Pardon request delayed for corrections officer with convictionBy PAULA TRACY
New Hampshire Union Leader
November 21. 2012 10:41PM
CONCORD - The Attorney General's Office has temporarily withdrawn a pardon request for a convicted home burglar who went to jail and turned his life around to become a Cheshire County corrections officer.
Thomas K. Schoolcraft, 27, of Keene had his named placed before the state's Executive Council Oct. 19 for a pardon hearing by Attorney General Michael A. Delaney. But on Nov. 14, the agency withdrew the request without elaborating.
Ann Rice of the Department of Justice said Tuesday that Schoolcraft's pardon hearing request and that of James Russo, another pardon applicant, were pulled because there are already two requests for pardons on the council table.
She said they would be returned for consideration later when the backlog is cleared.
Some who believed that pressure from state correction officers who are not pleased with Schoolcraft's getting the job as a felon, had played a roll in the withdrawal but Rice said that is not the case.
Schoolcraft has worked the past 12 months at the Cheshire County Department of Corrections. He graduated in May from Keene State College with a bachelor of arts degree in psychology, cum laude, and is now enrolled at Boston University, where he is pursuing his master's degree in Criminal Justice.
He was convicted of a Class B Felony, burglary. The offenses happened between December 2003 and July 2004 with thefts in Rye, Seabrook and Hampton. He pleaded guilty in July 2005 and sentenced to 12 months in the house of correction.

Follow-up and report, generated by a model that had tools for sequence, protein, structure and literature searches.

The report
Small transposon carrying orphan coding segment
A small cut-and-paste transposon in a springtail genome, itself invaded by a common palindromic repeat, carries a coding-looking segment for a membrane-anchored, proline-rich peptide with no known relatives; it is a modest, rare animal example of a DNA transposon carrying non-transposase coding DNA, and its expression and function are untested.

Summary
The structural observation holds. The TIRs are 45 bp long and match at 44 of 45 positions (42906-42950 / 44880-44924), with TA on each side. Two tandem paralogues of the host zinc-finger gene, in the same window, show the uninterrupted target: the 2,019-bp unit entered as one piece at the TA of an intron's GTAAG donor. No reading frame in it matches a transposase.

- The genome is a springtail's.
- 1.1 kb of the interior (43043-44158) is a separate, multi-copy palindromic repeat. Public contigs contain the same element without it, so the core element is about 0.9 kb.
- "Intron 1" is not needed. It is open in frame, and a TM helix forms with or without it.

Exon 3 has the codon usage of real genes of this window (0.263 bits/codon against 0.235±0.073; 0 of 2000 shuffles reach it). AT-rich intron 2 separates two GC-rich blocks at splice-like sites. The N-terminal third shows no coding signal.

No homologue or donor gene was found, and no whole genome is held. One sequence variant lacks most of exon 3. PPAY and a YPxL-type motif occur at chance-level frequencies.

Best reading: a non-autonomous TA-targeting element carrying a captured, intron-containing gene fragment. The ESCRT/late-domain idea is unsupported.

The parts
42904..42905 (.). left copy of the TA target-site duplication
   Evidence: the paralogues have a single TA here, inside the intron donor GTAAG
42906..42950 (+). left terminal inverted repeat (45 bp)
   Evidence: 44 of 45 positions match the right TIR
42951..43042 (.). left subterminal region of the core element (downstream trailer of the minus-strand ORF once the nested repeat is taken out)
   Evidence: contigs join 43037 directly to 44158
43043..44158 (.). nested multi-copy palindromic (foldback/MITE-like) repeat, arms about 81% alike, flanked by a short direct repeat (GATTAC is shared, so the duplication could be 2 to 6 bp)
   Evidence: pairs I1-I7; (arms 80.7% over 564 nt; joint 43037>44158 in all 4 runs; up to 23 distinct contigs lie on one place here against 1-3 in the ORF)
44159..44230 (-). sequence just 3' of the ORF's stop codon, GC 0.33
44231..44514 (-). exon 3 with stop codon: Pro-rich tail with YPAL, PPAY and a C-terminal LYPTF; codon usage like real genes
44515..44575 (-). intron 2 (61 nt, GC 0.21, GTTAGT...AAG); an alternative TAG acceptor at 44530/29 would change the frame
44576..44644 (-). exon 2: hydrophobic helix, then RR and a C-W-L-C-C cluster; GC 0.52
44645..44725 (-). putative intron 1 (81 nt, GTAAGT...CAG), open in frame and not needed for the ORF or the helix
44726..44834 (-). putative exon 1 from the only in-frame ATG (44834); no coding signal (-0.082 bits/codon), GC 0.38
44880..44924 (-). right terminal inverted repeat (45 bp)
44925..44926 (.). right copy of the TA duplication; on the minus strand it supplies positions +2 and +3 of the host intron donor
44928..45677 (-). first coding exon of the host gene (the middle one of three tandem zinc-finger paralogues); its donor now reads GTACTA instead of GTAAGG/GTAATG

He said jail opened up opportunities for education. He said the burglaries at age 19 had "nothing to do with substance abuse in any way. I felt that as a high school dropout I would never be able to make anything out of my life.
"I made these choices because I thought I had no other viable options. This is not an excuse but rather a reason that motivated me to chose to do the wrong thing."
But working as a Cheshire County corrections officer in Keene so infuriated several jail superintendents across the state that they have been trying to take away the convicted felon's certification.
"It's a slap in the face to the corrections profession," said David Dionne, superintendent of Hillsborough County Department of Corrections in Manchester told the New Hampshire Sunday News.
Dionne voted with the other county jail superintendents in favor of Schoolcraft's certification in June, unaware of his felony convictions. After finding out from a New Hampshire Sunday News article July 22 about Schoolcraft's efforts to leave crime behind and work in county corrections, Dionne has led the charge to take back his certification.
The County Corrections Certification Board, composed of superintendents of all 10 county jails, decided last month to take another vote on Schoolcraft's original certification; the result was a 4-4 tie. Betsy Miller, executive director of the New Hampshire Association of Counties, said it is the position of the NHAC board that Schoolcraft's certification stands.
Officers must be recertified every year, she said. The rules do not prohibit a felon from being certified as a county corrections officer, nor do they require convictions be disclosed to the certifying board, Miller said.
Corrections officers at New Hampshire State Prison cannot be certified if they have been convicted of a crime, according to Jeffrey Lyons, spokesman for the New Hampshire Department of Corrections. County rules will likely be changed to prevent felons from being certified, Dionne said.
"My career is being threatened because people are embarrassed that I've done something with my life," Schoolcraft said in an interview earlier this fall.
Schoolcraft could not be reached Tuesday for comment.
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New Hampshire Sunday News Reporter Nancy West contributed to this report. Paula Tracy may be reached at firstname.lastname@example.org.